Best Hiking Trails in Domeland Wilderness
Domeland Wilderness is a protected area in California.
Short trail report for most of domeland from 06/18/20:
Just completed a short backpacking trip from Big Meadow, to Manter meadow, to Little Manter meadow, down to Rockhouse valley, up along the kern river, back across the Domeland trail to Bart dome, back to Manter meadow, and then finally returning back to big meadow.
From big meadow to manter meadow: The trail doesn't seem to have been maintained too recently but, due to people hiking through the area, is still incredibly easy to follow and a nice walk.
Manter meadow: Some maps show a loop that goes all the way around manter meadow: There is really only a trail on the western portion of the meadow. There is no trail that loops around the northern part of the meadow at all. There is a trail that loops around the southern portion but it is unbelievably overgrown with primary succession from the fires (really really spiky bushes - it's awful to walk through. Surprisingly, there is a semi-visible trail on the western side of the meadow that connects to the trail leading to little manter meadow. To summarize: The only well maintained trail runs the western portion, anywhere else is going to require some bushwhacking or walking off-trail across the meadow to get to.
Manter meadow to little manter meadow: Despite none of the trails looping around manter meadow being maintained, the trail that runs from the eastern side of manter meadow all the way down to little manter meadow is still very visible, easy to follow, and seems to be in good shape (not much overgrowth at all). To get to the trail, we just trailblazed our way from the western side to the eastern side of the meadow and re-met up with the trail leading to little manter meadow. This trail is easily visible and, likely due to foot traffic, seems well maintained all the way up to just before dropping down into Rockhouse meadow.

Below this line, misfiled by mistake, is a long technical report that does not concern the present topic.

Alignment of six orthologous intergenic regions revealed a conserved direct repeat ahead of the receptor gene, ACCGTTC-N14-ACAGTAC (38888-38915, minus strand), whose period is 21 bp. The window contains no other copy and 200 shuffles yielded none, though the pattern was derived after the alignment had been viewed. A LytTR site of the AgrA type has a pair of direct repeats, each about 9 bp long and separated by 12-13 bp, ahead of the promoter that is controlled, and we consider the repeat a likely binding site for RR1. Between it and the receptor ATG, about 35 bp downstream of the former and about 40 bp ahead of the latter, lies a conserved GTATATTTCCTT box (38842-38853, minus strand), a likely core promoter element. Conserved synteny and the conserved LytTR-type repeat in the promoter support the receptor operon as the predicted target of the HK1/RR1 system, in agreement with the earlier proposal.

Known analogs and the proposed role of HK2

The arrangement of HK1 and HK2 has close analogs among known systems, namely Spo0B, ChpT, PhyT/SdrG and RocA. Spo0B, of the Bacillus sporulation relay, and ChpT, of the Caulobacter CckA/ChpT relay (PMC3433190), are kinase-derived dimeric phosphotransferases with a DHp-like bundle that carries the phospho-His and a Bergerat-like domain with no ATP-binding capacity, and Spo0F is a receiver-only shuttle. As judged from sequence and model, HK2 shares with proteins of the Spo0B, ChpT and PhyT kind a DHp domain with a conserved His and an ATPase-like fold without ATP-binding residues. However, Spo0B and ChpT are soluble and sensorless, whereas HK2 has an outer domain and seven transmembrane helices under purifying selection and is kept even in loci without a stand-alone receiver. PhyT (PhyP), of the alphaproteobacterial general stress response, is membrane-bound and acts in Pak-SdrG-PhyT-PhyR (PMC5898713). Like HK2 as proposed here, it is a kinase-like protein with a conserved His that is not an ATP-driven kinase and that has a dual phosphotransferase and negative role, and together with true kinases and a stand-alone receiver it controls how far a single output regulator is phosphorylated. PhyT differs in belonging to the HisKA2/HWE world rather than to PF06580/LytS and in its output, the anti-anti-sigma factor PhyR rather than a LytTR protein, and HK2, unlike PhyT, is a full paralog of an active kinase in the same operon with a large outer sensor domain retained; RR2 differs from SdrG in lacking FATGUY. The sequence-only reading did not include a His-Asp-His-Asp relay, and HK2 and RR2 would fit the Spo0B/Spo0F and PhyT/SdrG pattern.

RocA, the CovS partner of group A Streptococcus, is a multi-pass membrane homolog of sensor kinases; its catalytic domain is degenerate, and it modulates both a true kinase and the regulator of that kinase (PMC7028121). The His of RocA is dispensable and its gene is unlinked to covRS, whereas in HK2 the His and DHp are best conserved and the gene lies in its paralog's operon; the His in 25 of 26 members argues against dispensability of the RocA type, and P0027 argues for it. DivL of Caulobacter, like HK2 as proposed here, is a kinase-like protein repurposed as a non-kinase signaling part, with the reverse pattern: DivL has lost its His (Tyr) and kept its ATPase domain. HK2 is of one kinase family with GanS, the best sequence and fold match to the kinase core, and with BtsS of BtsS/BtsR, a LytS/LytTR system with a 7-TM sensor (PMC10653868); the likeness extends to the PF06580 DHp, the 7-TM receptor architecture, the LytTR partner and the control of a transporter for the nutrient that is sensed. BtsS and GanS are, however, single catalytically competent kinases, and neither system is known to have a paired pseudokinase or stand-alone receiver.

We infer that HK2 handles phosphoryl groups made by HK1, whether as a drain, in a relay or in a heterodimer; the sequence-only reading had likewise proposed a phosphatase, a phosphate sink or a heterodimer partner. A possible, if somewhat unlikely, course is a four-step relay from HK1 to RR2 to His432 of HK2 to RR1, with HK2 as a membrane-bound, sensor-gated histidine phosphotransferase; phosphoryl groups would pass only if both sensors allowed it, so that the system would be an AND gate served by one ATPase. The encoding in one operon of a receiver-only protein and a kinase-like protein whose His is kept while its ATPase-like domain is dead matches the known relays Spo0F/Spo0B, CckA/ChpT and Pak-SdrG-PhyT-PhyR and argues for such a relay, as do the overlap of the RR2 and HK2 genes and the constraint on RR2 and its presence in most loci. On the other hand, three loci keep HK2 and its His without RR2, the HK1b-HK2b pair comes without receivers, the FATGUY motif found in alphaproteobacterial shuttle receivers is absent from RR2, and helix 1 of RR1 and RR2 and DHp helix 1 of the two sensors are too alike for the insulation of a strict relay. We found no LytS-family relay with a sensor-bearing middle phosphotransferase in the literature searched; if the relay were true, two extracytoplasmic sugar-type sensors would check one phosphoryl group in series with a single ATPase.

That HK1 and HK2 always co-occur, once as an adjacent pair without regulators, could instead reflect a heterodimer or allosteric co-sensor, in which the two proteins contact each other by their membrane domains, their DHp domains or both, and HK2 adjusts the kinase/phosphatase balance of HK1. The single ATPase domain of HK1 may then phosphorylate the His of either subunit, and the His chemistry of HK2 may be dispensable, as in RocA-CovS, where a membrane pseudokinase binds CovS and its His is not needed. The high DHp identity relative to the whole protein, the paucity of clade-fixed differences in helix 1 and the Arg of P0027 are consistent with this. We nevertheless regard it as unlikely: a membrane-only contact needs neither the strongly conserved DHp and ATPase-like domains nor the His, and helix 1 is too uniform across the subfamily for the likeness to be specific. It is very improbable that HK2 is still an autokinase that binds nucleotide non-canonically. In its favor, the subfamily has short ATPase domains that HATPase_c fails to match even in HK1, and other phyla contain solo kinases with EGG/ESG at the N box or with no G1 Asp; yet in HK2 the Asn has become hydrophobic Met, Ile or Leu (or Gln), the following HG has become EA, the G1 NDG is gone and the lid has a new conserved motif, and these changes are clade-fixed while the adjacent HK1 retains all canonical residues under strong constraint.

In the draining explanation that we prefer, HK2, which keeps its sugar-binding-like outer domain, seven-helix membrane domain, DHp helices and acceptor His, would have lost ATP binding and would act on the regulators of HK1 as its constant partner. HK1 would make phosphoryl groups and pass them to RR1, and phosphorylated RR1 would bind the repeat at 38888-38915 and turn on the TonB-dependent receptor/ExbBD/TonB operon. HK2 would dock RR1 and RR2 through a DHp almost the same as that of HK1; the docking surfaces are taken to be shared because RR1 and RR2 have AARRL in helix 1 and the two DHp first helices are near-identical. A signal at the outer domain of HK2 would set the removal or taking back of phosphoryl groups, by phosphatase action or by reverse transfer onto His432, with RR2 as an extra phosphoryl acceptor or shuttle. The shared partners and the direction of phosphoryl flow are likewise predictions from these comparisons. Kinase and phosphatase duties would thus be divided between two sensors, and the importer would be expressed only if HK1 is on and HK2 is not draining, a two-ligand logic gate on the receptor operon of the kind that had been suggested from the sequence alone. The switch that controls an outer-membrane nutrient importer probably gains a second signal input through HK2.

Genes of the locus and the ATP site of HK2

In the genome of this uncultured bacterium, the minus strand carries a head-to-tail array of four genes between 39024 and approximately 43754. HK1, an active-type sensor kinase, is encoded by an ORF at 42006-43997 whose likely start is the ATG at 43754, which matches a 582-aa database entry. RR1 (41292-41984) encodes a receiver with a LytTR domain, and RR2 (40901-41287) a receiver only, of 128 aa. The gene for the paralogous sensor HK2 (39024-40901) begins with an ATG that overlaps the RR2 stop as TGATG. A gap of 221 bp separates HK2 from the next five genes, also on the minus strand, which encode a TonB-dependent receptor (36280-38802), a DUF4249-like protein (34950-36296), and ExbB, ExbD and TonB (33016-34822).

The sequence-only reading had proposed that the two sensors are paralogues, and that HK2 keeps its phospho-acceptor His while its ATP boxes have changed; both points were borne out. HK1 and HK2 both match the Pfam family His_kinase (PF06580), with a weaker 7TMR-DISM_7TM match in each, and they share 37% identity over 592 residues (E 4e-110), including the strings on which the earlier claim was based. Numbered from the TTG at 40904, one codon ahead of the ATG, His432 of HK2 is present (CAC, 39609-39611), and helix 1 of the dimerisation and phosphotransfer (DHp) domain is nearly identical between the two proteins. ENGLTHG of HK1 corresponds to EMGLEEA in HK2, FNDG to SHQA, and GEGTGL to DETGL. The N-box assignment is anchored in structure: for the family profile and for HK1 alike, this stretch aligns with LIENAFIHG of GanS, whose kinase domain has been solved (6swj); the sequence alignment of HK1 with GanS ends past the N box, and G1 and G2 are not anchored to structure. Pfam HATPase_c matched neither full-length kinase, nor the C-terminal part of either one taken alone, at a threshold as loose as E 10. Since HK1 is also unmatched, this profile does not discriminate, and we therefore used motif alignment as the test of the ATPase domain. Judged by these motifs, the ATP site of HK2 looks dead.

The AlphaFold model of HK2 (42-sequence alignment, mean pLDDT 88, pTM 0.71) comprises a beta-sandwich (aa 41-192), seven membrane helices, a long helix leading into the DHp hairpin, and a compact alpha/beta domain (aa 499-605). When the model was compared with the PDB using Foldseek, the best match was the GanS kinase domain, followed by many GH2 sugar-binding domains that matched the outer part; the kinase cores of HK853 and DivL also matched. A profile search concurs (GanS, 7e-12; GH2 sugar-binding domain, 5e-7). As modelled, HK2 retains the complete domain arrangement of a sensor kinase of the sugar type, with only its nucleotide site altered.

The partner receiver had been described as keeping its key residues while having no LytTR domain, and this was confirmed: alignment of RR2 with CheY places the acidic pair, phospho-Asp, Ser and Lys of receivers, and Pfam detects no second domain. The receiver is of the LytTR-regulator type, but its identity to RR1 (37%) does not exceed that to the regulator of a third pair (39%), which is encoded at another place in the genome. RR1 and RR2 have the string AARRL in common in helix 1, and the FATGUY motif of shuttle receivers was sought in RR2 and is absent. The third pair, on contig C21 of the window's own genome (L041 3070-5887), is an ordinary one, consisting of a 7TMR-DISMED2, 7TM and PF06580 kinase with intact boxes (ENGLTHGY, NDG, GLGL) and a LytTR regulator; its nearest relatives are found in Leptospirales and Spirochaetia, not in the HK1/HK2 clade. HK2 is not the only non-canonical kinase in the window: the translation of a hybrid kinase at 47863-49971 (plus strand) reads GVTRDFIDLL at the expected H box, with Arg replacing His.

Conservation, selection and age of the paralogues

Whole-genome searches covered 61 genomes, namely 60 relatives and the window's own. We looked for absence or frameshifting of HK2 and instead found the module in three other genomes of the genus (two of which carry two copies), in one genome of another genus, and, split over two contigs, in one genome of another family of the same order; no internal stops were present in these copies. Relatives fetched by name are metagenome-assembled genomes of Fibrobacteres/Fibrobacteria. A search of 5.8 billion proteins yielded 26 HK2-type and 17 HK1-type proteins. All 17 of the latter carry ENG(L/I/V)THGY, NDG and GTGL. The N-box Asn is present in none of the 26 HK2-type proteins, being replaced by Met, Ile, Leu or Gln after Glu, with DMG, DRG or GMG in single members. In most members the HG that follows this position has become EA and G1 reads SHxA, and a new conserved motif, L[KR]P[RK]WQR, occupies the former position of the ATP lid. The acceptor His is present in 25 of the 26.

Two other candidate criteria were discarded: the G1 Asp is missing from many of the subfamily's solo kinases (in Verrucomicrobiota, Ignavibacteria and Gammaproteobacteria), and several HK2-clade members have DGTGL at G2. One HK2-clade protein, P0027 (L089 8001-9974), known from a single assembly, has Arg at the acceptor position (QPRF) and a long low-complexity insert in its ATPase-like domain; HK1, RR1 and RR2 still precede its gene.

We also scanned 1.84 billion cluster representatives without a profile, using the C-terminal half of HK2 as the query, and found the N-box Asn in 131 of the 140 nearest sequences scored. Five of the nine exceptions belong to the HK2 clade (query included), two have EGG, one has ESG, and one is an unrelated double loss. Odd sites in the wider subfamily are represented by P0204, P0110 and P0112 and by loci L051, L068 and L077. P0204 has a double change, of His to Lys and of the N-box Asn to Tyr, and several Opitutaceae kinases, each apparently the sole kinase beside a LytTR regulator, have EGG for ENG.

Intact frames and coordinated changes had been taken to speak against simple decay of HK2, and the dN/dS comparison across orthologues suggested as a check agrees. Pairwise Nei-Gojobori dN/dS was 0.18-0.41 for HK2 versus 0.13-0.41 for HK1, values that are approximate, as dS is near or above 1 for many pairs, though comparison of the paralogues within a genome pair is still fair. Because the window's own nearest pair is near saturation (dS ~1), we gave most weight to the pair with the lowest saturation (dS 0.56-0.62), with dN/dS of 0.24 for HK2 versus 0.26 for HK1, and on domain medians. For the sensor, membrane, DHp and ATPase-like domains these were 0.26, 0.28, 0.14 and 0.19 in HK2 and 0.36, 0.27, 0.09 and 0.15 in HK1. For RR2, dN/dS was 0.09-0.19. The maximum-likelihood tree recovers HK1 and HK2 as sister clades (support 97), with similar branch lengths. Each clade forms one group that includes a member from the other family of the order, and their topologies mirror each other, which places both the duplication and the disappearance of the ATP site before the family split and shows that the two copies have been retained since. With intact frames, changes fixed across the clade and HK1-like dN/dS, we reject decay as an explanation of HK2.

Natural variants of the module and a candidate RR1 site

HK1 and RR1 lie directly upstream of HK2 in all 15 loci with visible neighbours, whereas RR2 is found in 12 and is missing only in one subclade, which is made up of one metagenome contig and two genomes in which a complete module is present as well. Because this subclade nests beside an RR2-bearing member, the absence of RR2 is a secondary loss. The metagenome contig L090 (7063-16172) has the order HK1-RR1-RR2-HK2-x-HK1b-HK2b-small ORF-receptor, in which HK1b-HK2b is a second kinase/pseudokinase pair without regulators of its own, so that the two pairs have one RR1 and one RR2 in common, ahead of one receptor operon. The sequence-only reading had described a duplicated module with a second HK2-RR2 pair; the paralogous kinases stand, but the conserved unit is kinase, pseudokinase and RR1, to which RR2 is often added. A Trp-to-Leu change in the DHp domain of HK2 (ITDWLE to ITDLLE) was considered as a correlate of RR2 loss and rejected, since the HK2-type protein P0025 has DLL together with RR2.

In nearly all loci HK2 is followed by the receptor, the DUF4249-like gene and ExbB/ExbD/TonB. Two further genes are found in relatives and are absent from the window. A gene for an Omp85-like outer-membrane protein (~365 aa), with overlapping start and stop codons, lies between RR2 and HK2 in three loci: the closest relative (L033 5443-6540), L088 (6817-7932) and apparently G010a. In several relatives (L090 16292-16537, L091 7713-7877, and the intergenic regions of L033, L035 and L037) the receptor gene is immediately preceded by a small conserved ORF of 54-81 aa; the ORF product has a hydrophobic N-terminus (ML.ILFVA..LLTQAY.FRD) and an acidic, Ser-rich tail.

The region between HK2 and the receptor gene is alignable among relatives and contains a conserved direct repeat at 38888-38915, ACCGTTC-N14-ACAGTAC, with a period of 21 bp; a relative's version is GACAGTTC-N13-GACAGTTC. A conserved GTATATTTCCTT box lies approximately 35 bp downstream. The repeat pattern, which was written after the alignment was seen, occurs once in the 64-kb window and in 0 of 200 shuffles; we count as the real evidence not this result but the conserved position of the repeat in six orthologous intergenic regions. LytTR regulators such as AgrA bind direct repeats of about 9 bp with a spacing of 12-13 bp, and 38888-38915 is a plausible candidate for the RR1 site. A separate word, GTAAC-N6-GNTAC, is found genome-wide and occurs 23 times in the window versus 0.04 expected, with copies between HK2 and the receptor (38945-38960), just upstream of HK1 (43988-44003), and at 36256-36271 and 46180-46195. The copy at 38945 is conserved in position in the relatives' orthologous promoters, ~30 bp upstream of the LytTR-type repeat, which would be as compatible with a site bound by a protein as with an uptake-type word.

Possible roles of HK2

Manter / Little manter meadow to Rockhouse: The trail along here is completely fine and easy to follow (also very pretty), but right before the decline into Rockhouse meadow / Rockhouse valley the trail disappears almost completely and is incredibly hard to follow - do not attempt this without GPS because you will be walking off trail for most of the decline into Rockhouse.
Rockhouse valley trail along the kern (not the PCT portion): The trail seems to be an old abandoned dirt road. It is highly likely that it's no longer passable by card, but it does work well as a trail for foot traffic. It's challenging to follow in certain areas but, for the most part, it's not crazy difficult.
Manter meadow to bart dome: The trail is well worn and is quite easy to follow. It doesn't seem like it's been maintained because there's a few areas of overgrowth, but it's still easy to follow and is in quite good condition. This trail ENDS at bart dome.
Between Bart dome and Rockhouse valley (the Domeland trail): There is absolutely NO trail. There are blazes to mark out where the trail used to be which is mildly helpful, but quite a few of them have been lost or fallen off and is still challenging to follow. Like I said, there is NO trail at all. You will need GPS to navigate any portion of Domeland between Bart dome and Rockhouse valley / the kern. It's also quite exposed (sierra desert) and so sunscreen / long-sleeves is neccessary.
Water report: There is dwindling water sources. Almost all streams are dried up. Sources that had a good amount of water remaining: manter creek, the south fork of the kern, Tibbets creek, and trout creek. There were a few other trickles here and there but I would absolutely not rely on them, even if they're marked on a map.
tl;dr: Big meadow to manter meadow, little manter medow, bart dome, and the peak right before dropping into rockhouse meadow all have well-established trails. Rockhouse valley trail that runs parallel to the PCT is a decently followable abandoned dirt road. There is no trail between bart dome and rockhouse valley, and, with the exception of a few blazes to guide you, is incredibly difficult to follow and will require GPS. Water sources are limited, but manageable if you're smart. Manter creek, trout creek, tibbets creek, and the south fork of the kern were the only rivers with a decent amount of water.